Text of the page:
Radiation Station Glendale California
Handle: Dr Solar
Inspector Alert detecting in Counts Per Minute (CPM)
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2015/03/02 at 4:07 pm
Glendale rain activity measures near normal March 2nd, 2015
44.2 CPM sample from brief but intense shower
40.2 CPM background
Even though the rain shower was briefly intense and produced 1/8″ of rain in about 30 minutes, there was no thunderstorm activity. The radiation measurement was only about 10% above background, well withing normal variation of background levels. This is good news!
2015/02/23 at 7:49 pm
New rain measurements for the Los Angeles area:
I measured moderate activity in today’s briefly heavy rain storm that passed through Glendale, CA. I say moderate because I consider anything at 3X background or higher to be high activity. But this sample came it at slightly more the 2X (115%) background. Both the sample reading and the background reading are taken as 10 minute averages.
Sample: 97.3 CPM
Background: 45.2 CPM
Today’s storm (and it was accompanied by lightning) dumped a quarter of an inch of rain in about an hour. The rain rate was pretty impressive, and any rain for California is a good thing (moderately hot or not).
[Editor: Actually Dr Solar’s rain reading was 57.4 CPM which was 44.6% over background]
I’m just happy that we are not seeing anything sizzling. These trace readings are good news.
52.4 vs. 39.7 CPM. That is almost 32% over BG. Not very hot.
Getting a pretty good rain shower, taking a sample right now. According to the weather forecasters, this is an inside slider coming from the north, having spent some time inland. I’m thinking it will not be hot since it is not particularly vigorous atmospheric activity, but we will see.
2015/02/09 at 10:17 pm
On 2/1/2015 I detected hot rain in Glendale, CA, along with a similar detection by Michael Collins in Santa Monica, CA. Our two locations are separated by about 15 miles. My reading of 121 CPM rain was surprising since I had not seen anthing this active in our area for some time. I wondered if this was just a fluke, or was something different happening now. I commented how surprising the storm was since it moved in quickly, and was even accompanied by lightning. However, 3.3 times background was even more surprising once Michael and I had checked our samples.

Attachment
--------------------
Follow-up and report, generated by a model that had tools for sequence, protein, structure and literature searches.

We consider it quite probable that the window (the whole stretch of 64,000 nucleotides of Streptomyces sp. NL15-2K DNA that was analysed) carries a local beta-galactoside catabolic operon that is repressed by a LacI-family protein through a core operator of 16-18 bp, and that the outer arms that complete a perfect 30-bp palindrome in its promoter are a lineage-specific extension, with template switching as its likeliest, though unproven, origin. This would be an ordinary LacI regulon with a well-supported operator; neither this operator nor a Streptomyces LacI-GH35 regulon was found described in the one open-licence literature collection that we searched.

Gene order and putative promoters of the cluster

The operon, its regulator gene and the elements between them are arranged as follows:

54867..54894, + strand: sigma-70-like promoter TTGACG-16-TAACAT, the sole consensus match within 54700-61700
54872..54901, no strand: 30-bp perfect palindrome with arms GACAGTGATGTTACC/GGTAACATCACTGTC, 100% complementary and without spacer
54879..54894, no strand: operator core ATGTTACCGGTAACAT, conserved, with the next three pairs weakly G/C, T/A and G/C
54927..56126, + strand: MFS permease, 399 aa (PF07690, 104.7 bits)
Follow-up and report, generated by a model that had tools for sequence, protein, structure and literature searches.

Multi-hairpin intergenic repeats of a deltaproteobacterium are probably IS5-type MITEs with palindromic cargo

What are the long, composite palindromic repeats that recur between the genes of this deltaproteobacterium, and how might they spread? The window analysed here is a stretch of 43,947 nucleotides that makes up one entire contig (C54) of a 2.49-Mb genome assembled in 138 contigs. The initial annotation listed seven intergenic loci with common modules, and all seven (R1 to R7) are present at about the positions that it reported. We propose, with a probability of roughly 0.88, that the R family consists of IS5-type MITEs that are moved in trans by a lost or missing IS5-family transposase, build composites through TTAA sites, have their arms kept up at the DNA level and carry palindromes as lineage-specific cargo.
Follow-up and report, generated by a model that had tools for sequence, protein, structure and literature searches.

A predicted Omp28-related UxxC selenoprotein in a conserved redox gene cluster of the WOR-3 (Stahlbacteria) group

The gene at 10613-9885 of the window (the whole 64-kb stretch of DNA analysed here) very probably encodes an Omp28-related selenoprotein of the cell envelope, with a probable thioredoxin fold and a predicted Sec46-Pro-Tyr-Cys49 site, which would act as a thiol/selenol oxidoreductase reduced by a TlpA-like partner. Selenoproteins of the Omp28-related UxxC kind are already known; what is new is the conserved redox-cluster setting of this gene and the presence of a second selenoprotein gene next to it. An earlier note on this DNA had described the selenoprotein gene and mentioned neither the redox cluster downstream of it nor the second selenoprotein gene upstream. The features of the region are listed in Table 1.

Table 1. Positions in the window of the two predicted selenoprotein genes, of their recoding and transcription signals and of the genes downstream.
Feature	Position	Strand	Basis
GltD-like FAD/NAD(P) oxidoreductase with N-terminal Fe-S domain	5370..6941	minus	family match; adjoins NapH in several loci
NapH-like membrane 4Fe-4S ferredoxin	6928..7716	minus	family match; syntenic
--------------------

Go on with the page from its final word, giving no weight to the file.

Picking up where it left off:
Unfortunately, we don’t see a lot of rain in the Los Angeles area during the ongoing California drought. However, I was traveling to the San Francisco area this past weekend and had an opportunity to check the rain in Union City, CA. Union City is located in the San Francisco Bay area about 350 miles NW of Los Angeles.
There were two storms in the Bay area last weekend. I was a little late arriving to the Bay area on Saturday and I did not sample the first storm. Sunday morning at 9:00 AM, I sampled the second storm which was moving very rapidly and was accompanied by 45 mph winds. It was heavy rainfall at 7:00 AM, and at 9:00 AM it was easing quite a bit so I took two samples which were slightly active, measuring 43.3 CPM, and 42.9 CPM compared to background radiation at 29.3 CPM. Later in the day there was clearing followed by a light shower. I took another sample at 3:00 PM and found that it was right at background, 28.0 CPM.
I’m thinking that the more vigorous the storm, the more vertical mixing there is in the atmosphere. Strong updrafts and downdrafts may be bringing radidoactive particles down from higher aloft where the can be washed out to the ground by the rain. It’s a just a theory, but what we really need to know is, where is it coming from and what, exactly, are the radioactive particles involved. I doubt they are radon daughters, since these storms sweep in from the Pacific. Santa Monica in particular is literally right on the coast, Union City, too, is right off San Francisco Bay, and the wind and rain had been moving in rapidly for hours before I took my samples.
Our very own Dr Solar has traveled to Union City, California which is on the southeastern shore of San Francisco Bay. Of course the good doctor travels with his Inspector nuclear radiation monitor and provided EnviroReporter.com with this initial report.
#1, Windshield: 42.9 CPM